Least Terns (Sternula antillarum) are known to forage away from nesting colonies, yet little information is available about movement rates and distances. We used VHF transmitters and a network of datalogging receivers to monitor movements of 23 Least Terns on the central Platte River, Nebraska, USA. We typically detected incubating and brood-rearing birds within 8 km of colonies during daylight hours, and up to 17.5 km away at night. Movement distances were even longer during post-fledging (up to 20 km) and nonbreeding (up to 31 km) periods. Colony attendance differed notably by reproductive stage, being highest for incubating and lowest for post-fledging birds. Birds were most frequently detected on the study area during brood-rearing and nonbreeding periods, and most likely to go undetected during incubation and after fledging a brood. Frequency and success of foraging behaviors were lowest on sandpit sites, intermediate on riverine sites, and highest at the Kearney Diversion Dam on the Platte River, where flow patterns likely enhanced forage fish availability. Foraging movements of Least Terns were temporally and spatially variable, with time of day, reproductive stage, and availability of prey hotspots appearing to be key factors. Management of habitat complexes for breeding Least Terns may benefit from emphasizing the availability of profitable foraging habitat within 8 km of nesting areas, and considering foraging habitat within 8 - 30 km as available.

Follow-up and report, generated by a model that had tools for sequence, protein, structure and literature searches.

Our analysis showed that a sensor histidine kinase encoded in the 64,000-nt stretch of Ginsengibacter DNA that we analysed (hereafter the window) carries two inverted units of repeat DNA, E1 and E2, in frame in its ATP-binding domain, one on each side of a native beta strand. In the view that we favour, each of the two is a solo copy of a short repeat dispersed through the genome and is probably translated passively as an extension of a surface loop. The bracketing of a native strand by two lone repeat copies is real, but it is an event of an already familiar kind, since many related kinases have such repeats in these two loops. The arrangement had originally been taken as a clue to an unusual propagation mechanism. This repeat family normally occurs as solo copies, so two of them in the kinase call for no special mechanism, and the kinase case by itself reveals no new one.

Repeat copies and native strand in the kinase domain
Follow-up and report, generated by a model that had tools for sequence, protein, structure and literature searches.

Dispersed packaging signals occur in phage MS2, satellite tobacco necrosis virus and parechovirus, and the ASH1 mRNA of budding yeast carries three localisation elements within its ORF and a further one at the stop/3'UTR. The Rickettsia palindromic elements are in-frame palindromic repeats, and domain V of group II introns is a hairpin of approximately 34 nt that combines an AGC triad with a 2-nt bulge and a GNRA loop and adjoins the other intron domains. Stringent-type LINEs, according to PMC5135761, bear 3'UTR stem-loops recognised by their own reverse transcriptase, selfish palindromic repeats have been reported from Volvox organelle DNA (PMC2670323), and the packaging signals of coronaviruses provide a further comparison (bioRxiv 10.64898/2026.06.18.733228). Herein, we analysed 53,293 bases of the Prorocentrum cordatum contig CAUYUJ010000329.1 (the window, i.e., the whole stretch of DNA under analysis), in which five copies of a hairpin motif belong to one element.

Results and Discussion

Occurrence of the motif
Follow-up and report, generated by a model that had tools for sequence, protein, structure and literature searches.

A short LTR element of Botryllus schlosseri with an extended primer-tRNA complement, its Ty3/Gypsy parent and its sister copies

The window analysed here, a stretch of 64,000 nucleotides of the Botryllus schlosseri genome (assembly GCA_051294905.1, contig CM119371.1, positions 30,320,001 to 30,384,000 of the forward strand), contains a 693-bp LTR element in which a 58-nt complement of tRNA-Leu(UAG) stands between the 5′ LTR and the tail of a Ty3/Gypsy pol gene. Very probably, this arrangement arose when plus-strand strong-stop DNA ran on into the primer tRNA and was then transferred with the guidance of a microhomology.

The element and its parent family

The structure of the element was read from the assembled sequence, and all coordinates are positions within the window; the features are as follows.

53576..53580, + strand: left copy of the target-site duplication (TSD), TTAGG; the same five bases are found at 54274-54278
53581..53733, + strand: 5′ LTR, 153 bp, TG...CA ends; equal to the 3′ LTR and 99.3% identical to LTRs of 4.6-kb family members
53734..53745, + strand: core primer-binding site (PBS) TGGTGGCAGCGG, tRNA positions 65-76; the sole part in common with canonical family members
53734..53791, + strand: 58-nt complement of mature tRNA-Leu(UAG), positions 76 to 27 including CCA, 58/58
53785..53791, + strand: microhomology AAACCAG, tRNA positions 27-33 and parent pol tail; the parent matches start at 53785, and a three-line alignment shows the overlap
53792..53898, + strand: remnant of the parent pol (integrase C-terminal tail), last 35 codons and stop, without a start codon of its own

|Title||Foraging movements and colony attendance of Least Terns (Sternula antillarum) on the central Platte River, Nebraska, USA|
|Authors||Mark H. Sherfy, Megan Ring, Jennifer H. Stucker, Michael J. Anteau, Terry L. Shaffer, Marsha A. Sovada|
|Publication Subtype||Journal Article|
|Record Source||USGS Publications Warehouse|
|USGS Organization||Northern Prairie Wildlife Research Center|
Michael Anteau, PhD
Michael Anteau, PhD